Big Wings

JJ Harrison, CC BY-SA 3.0, via Wikimedia Commons

by Inspector Barry Mins on July 19, 2022

Hey kids, welcome back to our series on the mysteries of created kinds.

This week, we are heading to the seashore and the open ocean, looking for sea birds so well known, they were featured as the object lesson in a very famous poem.

Two by Tuesday

This week’s kind is a seabird that is at home nearly worldwide. They forage in the open ocean and are quite rapid fliers. One has been observed flying at speeds of around 70 miles per hour for extended periods (over nine hours).1 While their usual speed is not this fast, the species in this kind are incredibly good fliers, often foraging over open ocean for extensive periods of time with little to no rest. In some species, flight is maintained for 72% of the day and 39% of the night!2 One species has the largest wingspan of all birds, at 12.1 feet across.

When foraging, the most species tend to prefer fish. In one species, fresh fish makes up nearly 90% of the diet.3 Other species prefer cephalopods (octopi, squid, etc.).4 In other species, the diet is mixed between the two.5 None of this should be surprising, given that these are seabirds that spend most of their life soaring over the open ocean.

When these birds nest, many of them nest in large colonies.6 One colony was historically so large, it gave the island it resides on its name! One island is currently estimated to have roughly 5000 breeding pairs per year.7 Despite the large breeding colonies, very few adults successfully breed from year to year. In some places, the percentages are in the single digits, even down to one percent in some places.8 However, in some of the smaller colonies, breeding success is higher.9

Has anyone figured it out yet? You may have been able to get it from the clue alone. If you did, give yourself asome bonus points for familiarity with British literature, and another one for figuring out this week’s kind. This week’s kind is the Diomedeidae—the albatross kind. Stay with us for next week when we abandon the seas for the island of Borneo, where there is a semiaquatic lizard who is the only member of its kind in the world.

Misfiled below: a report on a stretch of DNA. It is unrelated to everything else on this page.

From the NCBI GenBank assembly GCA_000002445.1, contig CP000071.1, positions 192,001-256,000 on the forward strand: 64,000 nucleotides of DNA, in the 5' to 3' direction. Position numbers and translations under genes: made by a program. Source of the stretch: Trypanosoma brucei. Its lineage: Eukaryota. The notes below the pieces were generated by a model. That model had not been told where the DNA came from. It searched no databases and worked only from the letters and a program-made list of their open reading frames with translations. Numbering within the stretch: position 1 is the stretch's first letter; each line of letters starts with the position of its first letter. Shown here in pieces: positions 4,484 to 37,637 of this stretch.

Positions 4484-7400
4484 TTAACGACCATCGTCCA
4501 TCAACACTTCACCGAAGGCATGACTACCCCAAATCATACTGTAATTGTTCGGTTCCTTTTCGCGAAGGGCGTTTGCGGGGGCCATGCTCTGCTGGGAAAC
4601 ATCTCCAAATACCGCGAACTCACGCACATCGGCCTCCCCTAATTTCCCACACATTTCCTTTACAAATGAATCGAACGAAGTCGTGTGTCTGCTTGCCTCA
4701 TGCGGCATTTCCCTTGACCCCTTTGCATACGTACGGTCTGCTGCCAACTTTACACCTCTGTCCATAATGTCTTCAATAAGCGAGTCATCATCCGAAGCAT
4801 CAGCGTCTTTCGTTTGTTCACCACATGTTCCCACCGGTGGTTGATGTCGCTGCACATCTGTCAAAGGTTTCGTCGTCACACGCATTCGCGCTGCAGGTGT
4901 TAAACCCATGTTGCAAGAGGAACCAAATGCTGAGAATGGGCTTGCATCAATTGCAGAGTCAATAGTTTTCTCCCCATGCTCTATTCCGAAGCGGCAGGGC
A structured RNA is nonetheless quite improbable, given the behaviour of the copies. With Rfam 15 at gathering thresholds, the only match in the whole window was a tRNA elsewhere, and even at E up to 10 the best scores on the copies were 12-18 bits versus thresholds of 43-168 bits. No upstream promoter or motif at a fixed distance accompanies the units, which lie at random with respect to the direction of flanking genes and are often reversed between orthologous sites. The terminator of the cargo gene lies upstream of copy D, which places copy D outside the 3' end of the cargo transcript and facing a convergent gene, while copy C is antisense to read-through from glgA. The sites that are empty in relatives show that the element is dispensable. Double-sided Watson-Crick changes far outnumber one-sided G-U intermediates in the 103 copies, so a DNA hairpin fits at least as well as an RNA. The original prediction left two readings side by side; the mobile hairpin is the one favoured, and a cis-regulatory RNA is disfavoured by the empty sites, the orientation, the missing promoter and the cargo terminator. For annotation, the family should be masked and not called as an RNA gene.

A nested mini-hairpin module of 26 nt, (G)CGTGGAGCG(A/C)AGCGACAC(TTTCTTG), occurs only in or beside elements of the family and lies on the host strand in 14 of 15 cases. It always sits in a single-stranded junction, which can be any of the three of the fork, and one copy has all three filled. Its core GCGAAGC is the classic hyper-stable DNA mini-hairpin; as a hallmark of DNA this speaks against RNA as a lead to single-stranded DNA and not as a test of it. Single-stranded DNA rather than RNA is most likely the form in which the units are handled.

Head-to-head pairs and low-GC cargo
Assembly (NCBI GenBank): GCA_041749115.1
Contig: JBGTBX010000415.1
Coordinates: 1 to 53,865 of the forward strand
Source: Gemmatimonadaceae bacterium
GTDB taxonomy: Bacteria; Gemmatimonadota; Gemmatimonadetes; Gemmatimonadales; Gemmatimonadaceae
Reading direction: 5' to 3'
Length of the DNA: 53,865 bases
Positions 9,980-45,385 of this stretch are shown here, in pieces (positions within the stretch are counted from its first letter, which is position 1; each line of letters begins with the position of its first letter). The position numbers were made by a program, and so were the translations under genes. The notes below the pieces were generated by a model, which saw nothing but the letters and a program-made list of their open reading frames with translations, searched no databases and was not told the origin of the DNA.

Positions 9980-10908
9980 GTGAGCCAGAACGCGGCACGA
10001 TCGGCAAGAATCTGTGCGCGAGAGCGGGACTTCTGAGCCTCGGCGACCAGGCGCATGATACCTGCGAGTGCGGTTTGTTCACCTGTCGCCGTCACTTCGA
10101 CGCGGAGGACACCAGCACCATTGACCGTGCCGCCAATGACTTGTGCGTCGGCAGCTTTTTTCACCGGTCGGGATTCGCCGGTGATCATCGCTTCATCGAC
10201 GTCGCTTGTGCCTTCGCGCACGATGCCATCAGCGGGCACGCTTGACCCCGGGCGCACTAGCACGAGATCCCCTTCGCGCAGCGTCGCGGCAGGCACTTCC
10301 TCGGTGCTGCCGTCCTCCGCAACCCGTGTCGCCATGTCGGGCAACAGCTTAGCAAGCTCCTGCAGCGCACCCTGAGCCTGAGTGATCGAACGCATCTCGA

Albatross and Chick

Albatross and Chick, Liam Quinn from Canada, via Wikimedia Commons

Try out this fun crossword puzzle!


Here is your clue for next week:

This kind’s genus name means “hidden ear.”

Ask a Question

Have you ever had a question about created kinds but didn’t know who to ask? Have you ever wanted to learn more about your favorite kind? Well, now you can! You can ask me, Inspector Barry Mins, a question! Have your parents help you fill out this form, and you might get your question answered in my column! If you have any questions about created kinds, feel free to send them my way!


  1. P. Catry, R.A. Phillips, and J.P. Croxall, “Sustained fast travel by a gray-headed albatross (Thalassarche chrysostoma) riding an Antarctic storm,” The Auk, 121, no. 4 (2004): 1208–1213.
  2. A. Hedd, R. Gales, and N. Brothers, “Foraging strategies of shy albatross Thalassarche cauta breeding at Albatross Island, Tasmania, Australia,” Marine Ecology Progress Series, 224 (2001): 267–282.
  3. A. Hedd and R. Gales, “The diet of shy albatrosses (Thalassarche cauta) at Albatross Island, Tasmania,” Journal of the Zoological Society of London, 253 (2001): 69–90.
  4. A. Hedd and R. Gales, “The diet of shy albatrosses (Thalassarche cauta) at Albatross Island, Tasmania,” Journal of the Zoological Society of London, 253 (2001): 69–90.
  5. P.G. Rodhouse, M.R. Clarke, and A.W.A. Murray, “Cephalopod prey of the wandering albatross Diomedea exulans,” Marine Biology, 96 (1987): 1–10.
  6. F.I. Colabuono and C.M. Vooren, “Diet of black-browed Thalassarche melanophrys and Atlantic yellow-nosed T. chlororhynchos albatrosses and white-chinned Procellaria aequinoctialis and spectacled P. conspicillata petrels off southern Brazil,” Marine Ornithology, 35 (2007): 9–20.
  7. I.P. Forster and R.A. Phillips, “Influence of nest location, density and topography of breeding success in the black-browed albatross Thalassarche melanophris,” Marine Ornithology, 37 (2009): 213–217.
  8. G. Thomas, J.P. Croxall, and P.A. Prince, “Breeding biology of the light-mantled sooty albatross (Phoebetria palpebrate) at South Georgia,” Journal of Zoology, 199, no. 1 (1983): 123–135.
  9. P.G. Ryan, R.A. Phillips, D.C. Nel, and A.G. Wood, “Breeding frequency in Grey-headed albatrosses Thalassarche chrysostoma,” Ibis, 149, no. 1 (2007): 45–52.
  10. P.M. Sagar, M.R. Charteris, J.W.A. Carroll, and R.P. Scofield, “Population size, breeding frequency and survival of Salvin’s albatrosses (Thalassarche salvini) at the Western Chain, The Snares, New Zealand,” Notornis, 58 (2011): 57–63.